A barred owl visits bird counters in Lake View Hill Park. Photo by Friends of Lake View Hill Park

By Dan Tortorice
Friends of Lake View Hill Park

Barred owls just don’t give a hoot.

Their famous cry of “who cooks for you, who cooks for you-all” sounds like a friendly southerner transplanted to our beautiful county park on Madison’s Northside. The barred owl you see on this page joined members of the Friends of Lake View Hill Park (FOLVHP) for our annual bird survey in May. It joined 40 other species in the count that morning.

Barred owls are just one of many raptors living in Lake View Hill Park. They are named for the horizontal bars of feathers that seem to wrap around their throats like a cozy winter scarf. The feathers then turn to vertical stripes down the belly. Their call is higher pitched than some other owls and can often sound like a large dog barking in the distance. Owls are nocturnal animals but barred owls are the most likely owl to be active in daylight hours.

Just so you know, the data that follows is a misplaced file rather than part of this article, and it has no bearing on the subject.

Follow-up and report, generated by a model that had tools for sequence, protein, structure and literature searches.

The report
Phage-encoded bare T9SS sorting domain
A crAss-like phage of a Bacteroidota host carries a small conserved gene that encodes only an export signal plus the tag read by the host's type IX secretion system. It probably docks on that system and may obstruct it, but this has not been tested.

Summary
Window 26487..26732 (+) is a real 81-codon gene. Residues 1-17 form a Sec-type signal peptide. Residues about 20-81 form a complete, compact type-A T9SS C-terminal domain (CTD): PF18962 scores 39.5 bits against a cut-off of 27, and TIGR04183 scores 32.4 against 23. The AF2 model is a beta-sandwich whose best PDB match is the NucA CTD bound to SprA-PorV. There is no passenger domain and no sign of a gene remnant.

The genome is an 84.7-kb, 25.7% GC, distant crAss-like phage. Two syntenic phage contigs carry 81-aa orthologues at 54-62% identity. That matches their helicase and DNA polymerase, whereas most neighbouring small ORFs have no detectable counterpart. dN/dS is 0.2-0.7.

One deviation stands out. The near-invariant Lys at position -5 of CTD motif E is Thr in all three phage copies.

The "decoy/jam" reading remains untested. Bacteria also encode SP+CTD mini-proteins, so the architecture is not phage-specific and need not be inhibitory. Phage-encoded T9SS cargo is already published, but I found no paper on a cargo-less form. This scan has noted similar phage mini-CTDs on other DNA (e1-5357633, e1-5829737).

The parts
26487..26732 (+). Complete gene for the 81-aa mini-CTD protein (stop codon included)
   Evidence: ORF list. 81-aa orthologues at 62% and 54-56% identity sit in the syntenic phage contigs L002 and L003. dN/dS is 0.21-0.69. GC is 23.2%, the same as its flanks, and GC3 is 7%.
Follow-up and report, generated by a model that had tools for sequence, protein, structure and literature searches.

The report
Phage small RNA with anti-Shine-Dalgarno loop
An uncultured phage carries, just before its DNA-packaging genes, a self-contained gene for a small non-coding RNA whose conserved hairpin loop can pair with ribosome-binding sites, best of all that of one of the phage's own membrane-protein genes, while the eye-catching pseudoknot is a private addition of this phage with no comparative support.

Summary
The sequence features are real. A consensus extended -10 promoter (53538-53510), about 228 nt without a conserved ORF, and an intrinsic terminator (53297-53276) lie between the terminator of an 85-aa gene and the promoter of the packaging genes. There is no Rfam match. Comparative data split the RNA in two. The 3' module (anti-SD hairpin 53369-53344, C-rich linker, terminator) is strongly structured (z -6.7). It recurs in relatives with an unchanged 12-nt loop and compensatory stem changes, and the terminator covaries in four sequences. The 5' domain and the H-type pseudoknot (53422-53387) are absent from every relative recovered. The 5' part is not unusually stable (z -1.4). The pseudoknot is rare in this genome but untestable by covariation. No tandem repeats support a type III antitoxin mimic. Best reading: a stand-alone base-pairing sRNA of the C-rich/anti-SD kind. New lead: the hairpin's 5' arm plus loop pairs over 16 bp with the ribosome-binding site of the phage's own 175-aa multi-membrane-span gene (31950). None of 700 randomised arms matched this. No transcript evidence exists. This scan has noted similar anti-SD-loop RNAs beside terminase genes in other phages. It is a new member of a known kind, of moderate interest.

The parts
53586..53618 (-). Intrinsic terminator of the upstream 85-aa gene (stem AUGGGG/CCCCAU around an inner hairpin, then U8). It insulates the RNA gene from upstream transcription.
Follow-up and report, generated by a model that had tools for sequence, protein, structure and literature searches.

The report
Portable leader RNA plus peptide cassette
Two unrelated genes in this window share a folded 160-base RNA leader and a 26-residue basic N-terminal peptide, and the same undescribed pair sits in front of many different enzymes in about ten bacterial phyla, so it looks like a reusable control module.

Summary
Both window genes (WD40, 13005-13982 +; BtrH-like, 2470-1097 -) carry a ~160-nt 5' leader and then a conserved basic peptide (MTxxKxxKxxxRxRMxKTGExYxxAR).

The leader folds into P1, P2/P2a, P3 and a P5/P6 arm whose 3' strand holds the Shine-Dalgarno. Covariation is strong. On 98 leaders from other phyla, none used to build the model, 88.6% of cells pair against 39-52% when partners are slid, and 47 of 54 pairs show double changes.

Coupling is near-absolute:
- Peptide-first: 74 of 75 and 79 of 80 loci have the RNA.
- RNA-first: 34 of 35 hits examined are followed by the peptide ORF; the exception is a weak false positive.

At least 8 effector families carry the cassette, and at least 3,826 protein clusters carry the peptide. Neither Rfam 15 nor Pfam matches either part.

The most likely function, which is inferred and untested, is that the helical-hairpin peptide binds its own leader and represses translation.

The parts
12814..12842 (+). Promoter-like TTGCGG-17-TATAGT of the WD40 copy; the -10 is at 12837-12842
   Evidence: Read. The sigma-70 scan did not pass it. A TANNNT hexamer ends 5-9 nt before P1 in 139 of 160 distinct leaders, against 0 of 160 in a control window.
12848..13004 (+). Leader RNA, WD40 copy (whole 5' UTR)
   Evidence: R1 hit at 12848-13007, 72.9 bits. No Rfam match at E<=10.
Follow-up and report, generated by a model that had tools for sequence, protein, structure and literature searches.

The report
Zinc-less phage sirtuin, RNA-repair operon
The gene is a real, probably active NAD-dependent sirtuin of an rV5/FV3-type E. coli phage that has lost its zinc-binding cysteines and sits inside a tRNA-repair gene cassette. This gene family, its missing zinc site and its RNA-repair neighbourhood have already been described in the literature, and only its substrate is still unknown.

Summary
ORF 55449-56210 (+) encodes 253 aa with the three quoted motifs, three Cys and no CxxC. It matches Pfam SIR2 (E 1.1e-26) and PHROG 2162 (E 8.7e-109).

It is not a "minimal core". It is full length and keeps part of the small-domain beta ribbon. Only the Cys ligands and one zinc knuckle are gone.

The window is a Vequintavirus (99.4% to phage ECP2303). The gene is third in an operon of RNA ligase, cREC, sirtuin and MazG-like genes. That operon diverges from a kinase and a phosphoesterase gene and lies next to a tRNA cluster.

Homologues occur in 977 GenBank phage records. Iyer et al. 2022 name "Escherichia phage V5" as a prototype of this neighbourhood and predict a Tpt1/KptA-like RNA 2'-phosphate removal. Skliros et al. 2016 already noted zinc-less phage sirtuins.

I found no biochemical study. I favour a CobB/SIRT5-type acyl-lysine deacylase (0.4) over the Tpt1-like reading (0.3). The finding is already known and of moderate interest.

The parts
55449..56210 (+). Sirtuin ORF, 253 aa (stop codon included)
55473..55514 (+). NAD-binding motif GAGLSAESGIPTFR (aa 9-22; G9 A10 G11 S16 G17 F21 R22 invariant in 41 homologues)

Other birds of prey in our woods include red-tailed hawks, cooper’s hawks, sharp-shinned hawks and some other owl species like great-horned owls and screech owls.

Because owls are so fascinating to look at and are active at night, they have been seen as having mysterious powers in folklore throughout history. The Greeks viewed them as wise, helpful and having powers of prediction, while the Romans saw them as omens -of death. In the Middle Ages, they were associated with witchcraft. Native Americans, some of whom probably lived on our hill, saw them as a mixture of each.

The autumnal equinox is also associated with a kind of death in that it marks the end of the growing season and the approach of fall and winter. Therefore, it makes sense to invite our owl neighbors to the Fall Equinox Drum and Dance Circle Friday, Sept. 22, from 7‒9 pm on the hill just west of the restored fountain. This celebration of fall will feature the Madison Drum and Dance Circle, along with a fire pit and some snacks. A Facebook event page will be created about a month before.

As the sun goes down, perhaps a certain feathered friend will decide to wisely attend another FOLVHP event.